Verse > Anthologies > Henry Wadsworth Longfellow, ed. > Poems of Places > England
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Henry Wadsworth Longfellow, ed.  Poems of Places: An Anthology in 31 Volumes.
England: Vols. I–IV.  1876–79.
 
Tidna Combe
The Token Stream of Tidna Combe
Robert Stephen Hawker (1803–1875)
 
A SOURCE of gentle waters, mute and mild,
  A few calm reeds around the sedgy brink,
The loneliest bird that flees to waste or wild
  Might fold its feathers here in peace to drink.
 
I do remember me of such a scene,        5
  Far in the depths of memory’s glimmering hour,
When earth looked e’en on me with tranquil mien,
  And life gushed, like this fountain in her bower.
 
But lo! a little on, a gliding stream,
  Fed with fresh rills from fields before unknown,        10
Where the glad roses on its banks may dream
  That watery mirror spreads for them alone.
 
Ah, woe is me! that flood, those flowers, recall
  A gleaming glimpse of Time’s departed shore,
Where now no dews descend, no sunbeams fall,        15
  And leaf and blossom burst no more, no more!
 
See now! with heart more stern, and statelier force,
  Through Tidna’s vale the river leaps along;
The strength of many trees shall guard its course,
  Birds in the branches soothe it with their song.        20
 
O type of a far scene! the lovely land!
  Where youth wins many a friend, and I had one;
Still do thy bulwarks, dear old Oxford, stand?
  Yet, Isis, do thy thoughtful waters run?
 
But hush! a spell is o’er thy conscious wave;        25
  Pause and move onward with obedient tread;
At yonder wheel they bind thee for their slave;
  Hireling of man, they use thy toil for bread.
 
Still is thy stream an image of the days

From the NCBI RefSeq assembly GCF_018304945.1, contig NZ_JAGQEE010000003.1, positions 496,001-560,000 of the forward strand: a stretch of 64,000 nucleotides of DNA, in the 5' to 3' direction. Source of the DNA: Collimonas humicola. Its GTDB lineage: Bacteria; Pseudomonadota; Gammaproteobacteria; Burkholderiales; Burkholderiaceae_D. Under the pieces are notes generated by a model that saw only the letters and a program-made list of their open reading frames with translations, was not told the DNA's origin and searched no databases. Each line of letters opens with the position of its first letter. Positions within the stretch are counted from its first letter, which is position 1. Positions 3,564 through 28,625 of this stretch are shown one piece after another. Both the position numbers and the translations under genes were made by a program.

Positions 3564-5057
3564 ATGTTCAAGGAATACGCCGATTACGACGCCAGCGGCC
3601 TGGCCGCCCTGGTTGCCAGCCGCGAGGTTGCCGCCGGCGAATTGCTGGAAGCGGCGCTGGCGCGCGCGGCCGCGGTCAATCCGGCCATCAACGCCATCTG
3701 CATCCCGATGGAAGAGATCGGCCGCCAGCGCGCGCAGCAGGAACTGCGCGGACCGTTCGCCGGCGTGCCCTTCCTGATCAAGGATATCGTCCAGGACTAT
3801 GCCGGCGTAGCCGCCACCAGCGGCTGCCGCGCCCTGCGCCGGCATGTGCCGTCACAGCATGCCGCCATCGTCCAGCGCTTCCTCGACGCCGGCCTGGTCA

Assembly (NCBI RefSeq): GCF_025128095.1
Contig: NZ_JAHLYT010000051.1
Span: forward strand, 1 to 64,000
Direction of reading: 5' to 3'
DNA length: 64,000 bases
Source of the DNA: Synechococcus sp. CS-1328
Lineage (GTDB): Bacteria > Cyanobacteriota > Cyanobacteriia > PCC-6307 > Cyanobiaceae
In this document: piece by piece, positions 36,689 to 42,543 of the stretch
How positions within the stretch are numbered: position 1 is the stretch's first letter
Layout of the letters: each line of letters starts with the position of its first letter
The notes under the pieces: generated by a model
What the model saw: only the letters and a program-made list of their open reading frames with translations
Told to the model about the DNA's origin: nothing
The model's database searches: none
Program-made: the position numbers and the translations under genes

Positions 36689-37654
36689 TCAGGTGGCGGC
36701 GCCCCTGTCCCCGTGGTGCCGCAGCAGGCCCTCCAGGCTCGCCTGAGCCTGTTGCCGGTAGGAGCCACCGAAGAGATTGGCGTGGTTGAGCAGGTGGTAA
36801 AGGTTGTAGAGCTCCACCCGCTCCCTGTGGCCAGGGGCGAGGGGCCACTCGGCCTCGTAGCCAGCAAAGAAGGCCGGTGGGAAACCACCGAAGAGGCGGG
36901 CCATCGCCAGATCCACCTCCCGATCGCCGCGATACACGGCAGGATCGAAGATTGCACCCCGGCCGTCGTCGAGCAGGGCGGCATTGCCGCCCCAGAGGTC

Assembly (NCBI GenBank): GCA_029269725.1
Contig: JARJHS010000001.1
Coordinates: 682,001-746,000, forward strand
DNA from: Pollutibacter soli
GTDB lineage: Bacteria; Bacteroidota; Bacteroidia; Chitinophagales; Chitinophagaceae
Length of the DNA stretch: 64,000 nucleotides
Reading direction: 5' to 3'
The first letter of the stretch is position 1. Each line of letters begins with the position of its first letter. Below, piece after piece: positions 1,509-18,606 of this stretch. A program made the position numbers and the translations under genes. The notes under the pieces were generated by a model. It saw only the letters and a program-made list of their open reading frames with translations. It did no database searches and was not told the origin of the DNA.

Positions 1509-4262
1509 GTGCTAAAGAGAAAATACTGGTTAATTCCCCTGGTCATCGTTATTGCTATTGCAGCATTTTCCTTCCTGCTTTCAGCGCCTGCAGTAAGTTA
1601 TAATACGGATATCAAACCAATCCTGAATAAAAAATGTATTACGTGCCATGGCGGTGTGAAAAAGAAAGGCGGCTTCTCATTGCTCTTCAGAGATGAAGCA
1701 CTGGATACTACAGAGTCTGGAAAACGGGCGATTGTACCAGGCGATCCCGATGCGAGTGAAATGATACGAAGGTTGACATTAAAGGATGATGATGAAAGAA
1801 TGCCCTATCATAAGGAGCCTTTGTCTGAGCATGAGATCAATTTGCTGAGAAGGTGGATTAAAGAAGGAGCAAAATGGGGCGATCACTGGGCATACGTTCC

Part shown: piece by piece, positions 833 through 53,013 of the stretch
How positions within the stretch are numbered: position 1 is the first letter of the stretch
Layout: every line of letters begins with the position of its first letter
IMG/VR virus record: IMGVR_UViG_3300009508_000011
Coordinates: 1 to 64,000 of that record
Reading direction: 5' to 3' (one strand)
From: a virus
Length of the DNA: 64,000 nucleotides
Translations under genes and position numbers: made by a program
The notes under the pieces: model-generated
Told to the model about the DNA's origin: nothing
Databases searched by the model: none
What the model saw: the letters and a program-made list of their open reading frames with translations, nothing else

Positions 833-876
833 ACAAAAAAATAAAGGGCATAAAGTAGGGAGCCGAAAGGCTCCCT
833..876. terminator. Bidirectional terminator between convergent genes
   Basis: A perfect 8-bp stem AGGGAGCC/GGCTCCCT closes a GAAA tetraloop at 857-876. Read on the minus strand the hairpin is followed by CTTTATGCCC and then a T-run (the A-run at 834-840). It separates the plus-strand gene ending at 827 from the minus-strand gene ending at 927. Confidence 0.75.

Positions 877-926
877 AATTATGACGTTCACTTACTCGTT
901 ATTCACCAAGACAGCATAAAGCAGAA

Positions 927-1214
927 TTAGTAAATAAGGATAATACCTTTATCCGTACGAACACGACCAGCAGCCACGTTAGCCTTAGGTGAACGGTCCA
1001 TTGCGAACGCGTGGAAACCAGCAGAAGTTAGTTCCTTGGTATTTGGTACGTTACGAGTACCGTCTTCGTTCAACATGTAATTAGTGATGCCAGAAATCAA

At duty’s loneliest labor meekly bound;        30
The foot of joy is hushed, the voice of praise:
  We twain have reached the stern and anxious ground.
 
And now what hills shall smile, what depths remain,
  Thou tamed and chastened wanderer, for thee?
A rocky path, a solitary plain,        35
  Must be thy broken channel to the sea.
 
Come then, sad river, let our footsteps blend
  Onward, by silent bank and nameless stone:
Our years began alike, so let them end,—
  We live with many men, we die alone.        40
 
Why dost thou slowly wind and sadly turn,
  As loath to leave e’en this most joyless shore?
Doth thy heart fail thee? do thy waters yearn
  For the far fields of memory once more?
 
Ah me! my soul, and thou art treacherous too,        45
  Linked to this fatal flesh, a fettered thrall
The sin, the sorrow, why wouldst thou renew?
  The past, the perished, vain and idle all!
 
Away! behold at last the torrent leap,
  Glad, glad to mingle with yon foamy brine;        50
Free and unmourned, the cataract cleaves the steep,—
  O river of the rocks, thy fate is mine!
 
 
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